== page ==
Mich. lawmakers debating merits of going part-time - FOX 10 News | myfoxphoenix.com

Mich. lawmakers debating merits of going part-time

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LANSING, Mich. (AP) -- Michigan lawmakers are looking at legislation that would make themselves part-time politicians.

Backers of bills that have been or will be introduced in the new legislative session say the Michigan Legislature is only one of four in the nation to be truly on the job full time. They argue there's no reason they can't do their work in fewer days and with fewer dollars.

Critics, including Gov. Rick Snyder and some legislative leaders, say the demands of the work require full-time attention.

"I know there is a difference of opinion on this and some of my colleagues will have plenty to say about it," St. Joseph Republican Sen. John Proos told the Detroit Free Press for a story Sunday. Proos introduced a bill in the Senate that would let voters decide if lawmakers should work only 90 days a year.

"But this is a reform that makes good common sense," he said. "We're having to find savings and solutions to problems on a daily basis."

Another backer is Rochester Hills GOP state Rep. Tom McMillin, who plans to introduce similar legislation in his chamber that includes cutting lawmakers' annual salary of $71,685 by 75 percent. He has previously -- and unsuccessfully -- introduced the legislation.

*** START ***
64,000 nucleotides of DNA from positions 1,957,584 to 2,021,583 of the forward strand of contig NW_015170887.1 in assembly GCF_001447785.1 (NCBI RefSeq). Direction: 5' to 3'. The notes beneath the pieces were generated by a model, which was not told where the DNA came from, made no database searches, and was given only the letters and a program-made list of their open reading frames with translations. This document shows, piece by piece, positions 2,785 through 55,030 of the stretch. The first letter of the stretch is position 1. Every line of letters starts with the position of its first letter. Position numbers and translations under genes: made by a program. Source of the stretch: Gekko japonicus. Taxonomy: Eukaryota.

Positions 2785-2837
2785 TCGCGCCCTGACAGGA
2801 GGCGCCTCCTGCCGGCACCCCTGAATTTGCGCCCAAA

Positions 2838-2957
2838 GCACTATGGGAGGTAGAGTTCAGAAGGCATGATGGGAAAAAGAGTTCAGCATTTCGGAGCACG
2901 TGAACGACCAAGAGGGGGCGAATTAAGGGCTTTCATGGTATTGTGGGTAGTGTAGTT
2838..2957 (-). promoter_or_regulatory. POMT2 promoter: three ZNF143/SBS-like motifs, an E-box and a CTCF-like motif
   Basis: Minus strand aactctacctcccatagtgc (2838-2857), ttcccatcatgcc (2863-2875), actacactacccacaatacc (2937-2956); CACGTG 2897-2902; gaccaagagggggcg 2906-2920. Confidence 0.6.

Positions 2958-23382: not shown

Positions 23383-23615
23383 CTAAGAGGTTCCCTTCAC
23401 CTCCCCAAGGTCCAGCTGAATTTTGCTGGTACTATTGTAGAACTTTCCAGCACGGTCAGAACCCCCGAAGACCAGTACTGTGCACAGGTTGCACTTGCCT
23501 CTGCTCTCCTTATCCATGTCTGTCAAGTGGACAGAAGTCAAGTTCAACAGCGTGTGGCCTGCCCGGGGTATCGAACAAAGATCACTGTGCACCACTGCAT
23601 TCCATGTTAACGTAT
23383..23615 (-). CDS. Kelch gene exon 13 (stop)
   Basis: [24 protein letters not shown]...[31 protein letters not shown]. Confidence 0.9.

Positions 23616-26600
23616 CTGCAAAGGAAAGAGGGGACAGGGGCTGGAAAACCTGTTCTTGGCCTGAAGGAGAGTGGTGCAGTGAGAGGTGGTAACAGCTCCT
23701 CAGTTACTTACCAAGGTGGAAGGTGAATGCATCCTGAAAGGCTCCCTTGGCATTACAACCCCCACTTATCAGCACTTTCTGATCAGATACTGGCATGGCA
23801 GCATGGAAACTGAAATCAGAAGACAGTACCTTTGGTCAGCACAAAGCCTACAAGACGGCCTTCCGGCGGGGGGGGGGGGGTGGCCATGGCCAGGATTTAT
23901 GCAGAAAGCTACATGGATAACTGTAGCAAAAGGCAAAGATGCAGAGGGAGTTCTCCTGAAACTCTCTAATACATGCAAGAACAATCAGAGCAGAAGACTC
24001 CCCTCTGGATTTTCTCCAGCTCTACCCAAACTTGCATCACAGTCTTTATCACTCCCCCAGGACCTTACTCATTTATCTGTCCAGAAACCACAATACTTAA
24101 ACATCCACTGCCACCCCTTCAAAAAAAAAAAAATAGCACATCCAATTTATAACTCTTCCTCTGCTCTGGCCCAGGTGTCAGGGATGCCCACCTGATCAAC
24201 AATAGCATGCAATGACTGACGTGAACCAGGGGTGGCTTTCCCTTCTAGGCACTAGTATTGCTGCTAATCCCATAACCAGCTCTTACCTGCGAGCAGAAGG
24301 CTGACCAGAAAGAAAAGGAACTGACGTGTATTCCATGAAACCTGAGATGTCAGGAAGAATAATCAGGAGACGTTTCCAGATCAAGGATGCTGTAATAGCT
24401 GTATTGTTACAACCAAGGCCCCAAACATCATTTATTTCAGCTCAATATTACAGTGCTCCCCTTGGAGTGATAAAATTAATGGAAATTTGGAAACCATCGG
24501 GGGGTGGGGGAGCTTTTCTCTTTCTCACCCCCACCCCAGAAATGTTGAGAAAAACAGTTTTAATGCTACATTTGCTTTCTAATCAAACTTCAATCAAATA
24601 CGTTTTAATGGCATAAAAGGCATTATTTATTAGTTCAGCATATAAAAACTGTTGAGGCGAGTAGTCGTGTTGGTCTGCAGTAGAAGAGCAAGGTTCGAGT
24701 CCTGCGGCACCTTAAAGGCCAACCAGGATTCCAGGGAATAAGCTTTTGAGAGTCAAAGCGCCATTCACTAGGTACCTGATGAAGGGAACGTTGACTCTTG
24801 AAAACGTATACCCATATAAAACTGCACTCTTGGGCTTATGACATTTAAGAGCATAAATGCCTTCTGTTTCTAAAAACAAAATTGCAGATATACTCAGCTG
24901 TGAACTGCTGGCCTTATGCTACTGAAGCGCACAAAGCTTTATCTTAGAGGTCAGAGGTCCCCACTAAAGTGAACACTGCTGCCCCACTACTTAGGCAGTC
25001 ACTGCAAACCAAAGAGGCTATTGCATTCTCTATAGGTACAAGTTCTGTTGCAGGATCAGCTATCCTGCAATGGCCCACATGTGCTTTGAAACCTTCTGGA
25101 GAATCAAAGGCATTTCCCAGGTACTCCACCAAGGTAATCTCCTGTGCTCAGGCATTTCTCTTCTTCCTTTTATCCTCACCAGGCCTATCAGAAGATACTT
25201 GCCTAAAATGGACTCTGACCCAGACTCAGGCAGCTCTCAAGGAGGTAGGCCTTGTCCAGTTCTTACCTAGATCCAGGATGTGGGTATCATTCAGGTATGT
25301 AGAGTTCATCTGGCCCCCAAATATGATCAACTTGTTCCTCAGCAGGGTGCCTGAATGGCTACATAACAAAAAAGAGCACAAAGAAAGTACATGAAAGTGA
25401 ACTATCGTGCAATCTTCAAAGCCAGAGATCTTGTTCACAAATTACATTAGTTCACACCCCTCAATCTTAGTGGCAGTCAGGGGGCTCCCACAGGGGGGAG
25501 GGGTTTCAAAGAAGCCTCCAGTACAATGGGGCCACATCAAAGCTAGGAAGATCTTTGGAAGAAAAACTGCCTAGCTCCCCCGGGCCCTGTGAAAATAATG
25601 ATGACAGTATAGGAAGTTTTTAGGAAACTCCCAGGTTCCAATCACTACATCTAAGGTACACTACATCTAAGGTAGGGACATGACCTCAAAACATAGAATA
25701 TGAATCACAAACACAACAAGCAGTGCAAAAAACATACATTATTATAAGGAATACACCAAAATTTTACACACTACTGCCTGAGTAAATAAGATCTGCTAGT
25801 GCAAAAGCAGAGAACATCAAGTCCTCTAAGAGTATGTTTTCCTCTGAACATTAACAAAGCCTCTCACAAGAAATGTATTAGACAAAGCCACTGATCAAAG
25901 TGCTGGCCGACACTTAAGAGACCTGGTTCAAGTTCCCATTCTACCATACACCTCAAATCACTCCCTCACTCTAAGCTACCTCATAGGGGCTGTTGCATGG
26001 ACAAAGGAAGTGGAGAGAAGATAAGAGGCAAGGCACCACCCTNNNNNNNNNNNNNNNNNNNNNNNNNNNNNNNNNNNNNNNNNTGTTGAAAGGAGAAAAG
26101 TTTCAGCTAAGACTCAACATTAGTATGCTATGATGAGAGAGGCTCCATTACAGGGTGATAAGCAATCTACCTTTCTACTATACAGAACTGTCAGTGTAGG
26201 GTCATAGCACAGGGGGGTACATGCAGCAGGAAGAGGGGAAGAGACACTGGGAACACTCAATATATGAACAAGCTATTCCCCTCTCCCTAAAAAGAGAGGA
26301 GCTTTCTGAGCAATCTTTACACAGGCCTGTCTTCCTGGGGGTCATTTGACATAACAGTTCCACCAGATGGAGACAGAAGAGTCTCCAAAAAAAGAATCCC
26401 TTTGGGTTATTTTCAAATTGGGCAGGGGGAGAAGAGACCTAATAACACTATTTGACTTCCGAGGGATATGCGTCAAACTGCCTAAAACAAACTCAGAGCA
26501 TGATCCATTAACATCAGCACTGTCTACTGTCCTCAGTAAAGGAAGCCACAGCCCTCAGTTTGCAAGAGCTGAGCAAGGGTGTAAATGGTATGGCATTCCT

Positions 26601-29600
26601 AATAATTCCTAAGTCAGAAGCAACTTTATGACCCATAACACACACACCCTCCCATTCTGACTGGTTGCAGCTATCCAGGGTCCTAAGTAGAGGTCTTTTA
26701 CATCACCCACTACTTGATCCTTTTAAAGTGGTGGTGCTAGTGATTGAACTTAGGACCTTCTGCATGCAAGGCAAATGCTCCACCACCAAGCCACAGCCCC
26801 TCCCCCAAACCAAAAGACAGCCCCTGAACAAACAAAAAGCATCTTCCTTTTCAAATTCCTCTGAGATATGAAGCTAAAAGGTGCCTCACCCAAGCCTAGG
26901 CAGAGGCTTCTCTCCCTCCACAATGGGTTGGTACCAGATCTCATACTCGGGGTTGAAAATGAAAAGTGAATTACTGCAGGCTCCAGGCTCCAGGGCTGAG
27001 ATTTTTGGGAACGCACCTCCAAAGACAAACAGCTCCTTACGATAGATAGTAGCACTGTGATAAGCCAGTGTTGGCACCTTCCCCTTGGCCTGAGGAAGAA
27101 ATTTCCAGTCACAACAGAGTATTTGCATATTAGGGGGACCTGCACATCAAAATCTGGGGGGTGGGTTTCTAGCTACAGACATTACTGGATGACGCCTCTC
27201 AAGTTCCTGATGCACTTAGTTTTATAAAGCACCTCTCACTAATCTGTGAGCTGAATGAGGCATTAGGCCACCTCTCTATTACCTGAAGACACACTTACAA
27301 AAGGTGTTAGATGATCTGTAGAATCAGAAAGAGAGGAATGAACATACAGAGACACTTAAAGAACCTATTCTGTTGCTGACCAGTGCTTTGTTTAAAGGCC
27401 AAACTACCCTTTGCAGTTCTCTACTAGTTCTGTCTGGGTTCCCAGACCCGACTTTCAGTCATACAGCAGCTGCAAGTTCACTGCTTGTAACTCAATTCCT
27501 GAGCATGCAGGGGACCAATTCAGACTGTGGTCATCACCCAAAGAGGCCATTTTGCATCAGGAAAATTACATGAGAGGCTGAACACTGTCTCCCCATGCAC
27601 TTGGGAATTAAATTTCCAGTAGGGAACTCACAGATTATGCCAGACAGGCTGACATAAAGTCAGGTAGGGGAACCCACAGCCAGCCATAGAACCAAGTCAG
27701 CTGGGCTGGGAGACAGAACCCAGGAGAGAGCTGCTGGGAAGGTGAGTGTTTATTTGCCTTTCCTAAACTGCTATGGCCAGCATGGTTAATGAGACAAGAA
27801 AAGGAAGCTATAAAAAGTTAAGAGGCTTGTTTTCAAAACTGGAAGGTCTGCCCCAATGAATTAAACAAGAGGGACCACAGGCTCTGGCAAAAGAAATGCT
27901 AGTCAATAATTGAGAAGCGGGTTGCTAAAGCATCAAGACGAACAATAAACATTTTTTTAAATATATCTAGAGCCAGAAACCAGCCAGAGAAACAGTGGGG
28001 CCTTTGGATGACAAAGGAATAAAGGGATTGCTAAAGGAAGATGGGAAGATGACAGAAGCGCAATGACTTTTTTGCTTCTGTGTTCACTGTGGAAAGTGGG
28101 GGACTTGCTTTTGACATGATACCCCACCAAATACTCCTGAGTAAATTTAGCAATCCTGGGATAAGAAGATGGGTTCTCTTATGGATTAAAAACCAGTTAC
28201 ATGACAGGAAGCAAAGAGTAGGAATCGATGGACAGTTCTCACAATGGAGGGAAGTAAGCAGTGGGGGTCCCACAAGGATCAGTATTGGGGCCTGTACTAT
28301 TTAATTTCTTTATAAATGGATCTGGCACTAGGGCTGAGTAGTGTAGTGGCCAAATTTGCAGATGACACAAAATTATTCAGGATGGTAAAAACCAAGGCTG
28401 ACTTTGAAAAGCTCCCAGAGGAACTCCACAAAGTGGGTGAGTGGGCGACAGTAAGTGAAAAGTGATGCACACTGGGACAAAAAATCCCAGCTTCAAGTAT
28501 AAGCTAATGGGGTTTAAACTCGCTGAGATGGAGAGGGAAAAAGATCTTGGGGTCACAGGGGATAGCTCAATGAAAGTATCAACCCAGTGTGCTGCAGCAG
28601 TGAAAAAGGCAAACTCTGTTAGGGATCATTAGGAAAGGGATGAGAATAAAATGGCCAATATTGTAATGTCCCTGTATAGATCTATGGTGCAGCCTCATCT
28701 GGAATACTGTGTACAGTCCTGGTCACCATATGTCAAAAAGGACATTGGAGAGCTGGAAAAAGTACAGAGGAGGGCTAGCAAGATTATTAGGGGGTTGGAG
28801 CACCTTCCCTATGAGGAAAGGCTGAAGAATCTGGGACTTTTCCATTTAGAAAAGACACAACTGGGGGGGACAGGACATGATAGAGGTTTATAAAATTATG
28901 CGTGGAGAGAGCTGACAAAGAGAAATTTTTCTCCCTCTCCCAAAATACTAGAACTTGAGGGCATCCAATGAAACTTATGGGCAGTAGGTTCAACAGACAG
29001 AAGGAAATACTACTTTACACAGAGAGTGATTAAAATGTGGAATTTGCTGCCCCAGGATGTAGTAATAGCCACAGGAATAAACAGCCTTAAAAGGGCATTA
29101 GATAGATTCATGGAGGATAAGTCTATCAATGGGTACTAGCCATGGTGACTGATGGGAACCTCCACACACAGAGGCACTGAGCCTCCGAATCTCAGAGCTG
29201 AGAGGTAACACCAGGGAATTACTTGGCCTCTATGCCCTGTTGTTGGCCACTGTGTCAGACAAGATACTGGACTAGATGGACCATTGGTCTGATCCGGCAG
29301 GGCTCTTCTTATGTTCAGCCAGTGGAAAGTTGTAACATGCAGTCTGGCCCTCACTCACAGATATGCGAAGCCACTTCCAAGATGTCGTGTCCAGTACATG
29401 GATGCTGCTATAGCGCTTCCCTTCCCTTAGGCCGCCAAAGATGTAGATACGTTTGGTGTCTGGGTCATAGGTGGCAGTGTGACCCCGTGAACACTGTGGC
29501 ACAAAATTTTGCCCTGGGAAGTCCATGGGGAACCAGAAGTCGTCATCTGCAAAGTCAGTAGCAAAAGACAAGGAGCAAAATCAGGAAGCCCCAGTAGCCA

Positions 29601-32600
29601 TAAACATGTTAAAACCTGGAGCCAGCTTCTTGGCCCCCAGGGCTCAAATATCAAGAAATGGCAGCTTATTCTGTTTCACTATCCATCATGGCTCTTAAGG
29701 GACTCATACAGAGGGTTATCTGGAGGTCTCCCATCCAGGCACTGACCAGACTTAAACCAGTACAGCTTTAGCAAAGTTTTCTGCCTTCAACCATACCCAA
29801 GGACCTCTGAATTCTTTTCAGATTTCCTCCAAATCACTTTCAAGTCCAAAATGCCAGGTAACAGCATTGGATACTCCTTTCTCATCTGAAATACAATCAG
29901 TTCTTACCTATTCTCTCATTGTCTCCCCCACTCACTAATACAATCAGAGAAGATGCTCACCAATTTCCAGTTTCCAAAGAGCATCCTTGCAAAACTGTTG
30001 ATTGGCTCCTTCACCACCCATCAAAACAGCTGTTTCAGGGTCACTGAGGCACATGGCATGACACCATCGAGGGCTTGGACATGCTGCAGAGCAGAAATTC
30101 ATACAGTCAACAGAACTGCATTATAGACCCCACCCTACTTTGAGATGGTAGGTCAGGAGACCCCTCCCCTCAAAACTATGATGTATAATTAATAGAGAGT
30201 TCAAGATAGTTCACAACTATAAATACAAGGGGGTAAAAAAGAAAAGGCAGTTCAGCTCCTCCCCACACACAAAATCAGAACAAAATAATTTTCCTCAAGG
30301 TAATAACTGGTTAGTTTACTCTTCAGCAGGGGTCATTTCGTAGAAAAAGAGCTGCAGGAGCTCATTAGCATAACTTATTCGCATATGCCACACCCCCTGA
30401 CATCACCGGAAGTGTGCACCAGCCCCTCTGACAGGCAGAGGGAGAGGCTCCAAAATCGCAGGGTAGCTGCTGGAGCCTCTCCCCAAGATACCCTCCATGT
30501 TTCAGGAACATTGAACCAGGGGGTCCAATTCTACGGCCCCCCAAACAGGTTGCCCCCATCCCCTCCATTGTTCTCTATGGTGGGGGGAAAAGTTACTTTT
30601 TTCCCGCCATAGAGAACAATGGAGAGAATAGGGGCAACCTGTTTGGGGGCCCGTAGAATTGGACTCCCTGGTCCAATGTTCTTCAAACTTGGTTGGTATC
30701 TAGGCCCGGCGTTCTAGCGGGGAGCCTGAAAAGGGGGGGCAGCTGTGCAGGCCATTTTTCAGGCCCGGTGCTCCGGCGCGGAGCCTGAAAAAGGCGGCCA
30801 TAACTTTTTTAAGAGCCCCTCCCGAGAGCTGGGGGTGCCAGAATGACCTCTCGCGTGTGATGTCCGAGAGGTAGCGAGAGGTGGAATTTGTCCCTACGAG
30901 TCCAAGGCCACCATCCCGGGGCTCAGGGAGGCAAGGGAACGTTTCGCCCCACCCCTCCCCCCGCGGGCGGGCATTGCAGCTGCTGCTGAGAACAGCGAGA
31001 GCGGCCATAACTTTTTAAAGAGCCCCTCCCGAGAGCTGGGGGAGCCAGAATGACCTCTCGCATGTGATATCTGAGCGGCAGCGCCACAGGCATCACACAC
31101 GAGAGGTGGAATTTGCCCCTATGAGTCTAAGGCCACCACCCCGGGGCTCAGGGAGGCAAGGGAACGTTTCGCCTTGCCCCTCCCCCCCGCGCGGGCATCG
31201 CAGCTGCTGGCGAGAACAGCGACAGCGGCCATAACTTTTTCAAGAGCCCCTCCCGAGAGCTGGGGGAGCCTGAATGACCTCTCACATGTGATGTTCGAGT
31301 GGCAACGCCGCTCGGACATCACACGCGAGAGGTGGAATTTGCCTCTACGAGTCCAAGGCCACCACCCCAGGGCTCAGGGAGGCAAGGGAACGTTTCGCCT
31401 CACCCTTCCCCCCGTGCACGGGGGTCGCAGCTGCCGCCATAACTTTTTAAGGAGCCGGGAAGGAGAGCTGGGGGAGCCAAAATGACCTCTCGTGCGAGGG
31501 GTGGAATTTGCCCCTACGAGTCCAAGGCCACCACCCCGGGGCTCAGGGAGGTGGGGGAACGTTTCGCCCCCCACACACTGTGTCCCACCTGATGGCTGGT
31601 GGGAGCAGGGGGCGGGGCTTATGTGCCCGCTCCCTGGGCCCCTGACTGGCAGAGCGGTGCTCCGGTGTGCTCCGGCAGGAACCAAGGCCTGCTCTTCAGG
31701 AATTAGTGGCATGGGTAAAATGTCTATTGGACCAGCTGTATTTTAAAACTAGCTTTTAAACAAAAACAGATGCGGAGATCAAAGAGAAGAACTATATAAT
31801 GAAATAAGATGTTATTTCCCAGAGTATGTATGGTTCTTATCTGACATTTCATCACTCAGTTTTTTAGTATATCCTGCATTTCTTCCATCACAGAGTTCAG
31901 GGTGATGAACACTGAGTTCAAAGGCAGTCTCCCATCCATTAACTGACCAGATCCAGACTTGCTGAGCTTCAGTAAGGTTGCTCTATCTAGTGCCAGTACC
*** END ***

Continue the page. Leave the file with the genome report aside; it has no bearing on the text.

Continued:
"I think we can get our work done in 90 days," he told the newspaper. "Our major task is the budget, and we got that done early the past two years."

As it is, the Legislature worked 81 days in 2012. From mid-June through the end of November, members logged 10 days of work in Lansing as many House members campaigned for re-election. That was followed by a three-week lame-duck marathon that included passage of 282 bills, including the contentious right-to-work legislation limiting union powers.

Lawmakers were in session for 100 days in 2011.

Senate Majority Leader Randy Richardville said he and his colleagues' work in their districts, including speaking engagements and constituent meetings, should be factored in to the full-time equation. He said the governor talks about the importance of customer service in government, and elected representatives "end up being that window for customer service."

Of the top 10 most populous states, three in addition to Michigan -- California, Pennsylvania and New York -- have full-time legislatures. Three others have semi-full-time legislatures that generally don't meet year-round. Most states have lawmaker sessions limited to 90 days or fewer, and some don't meet every year.

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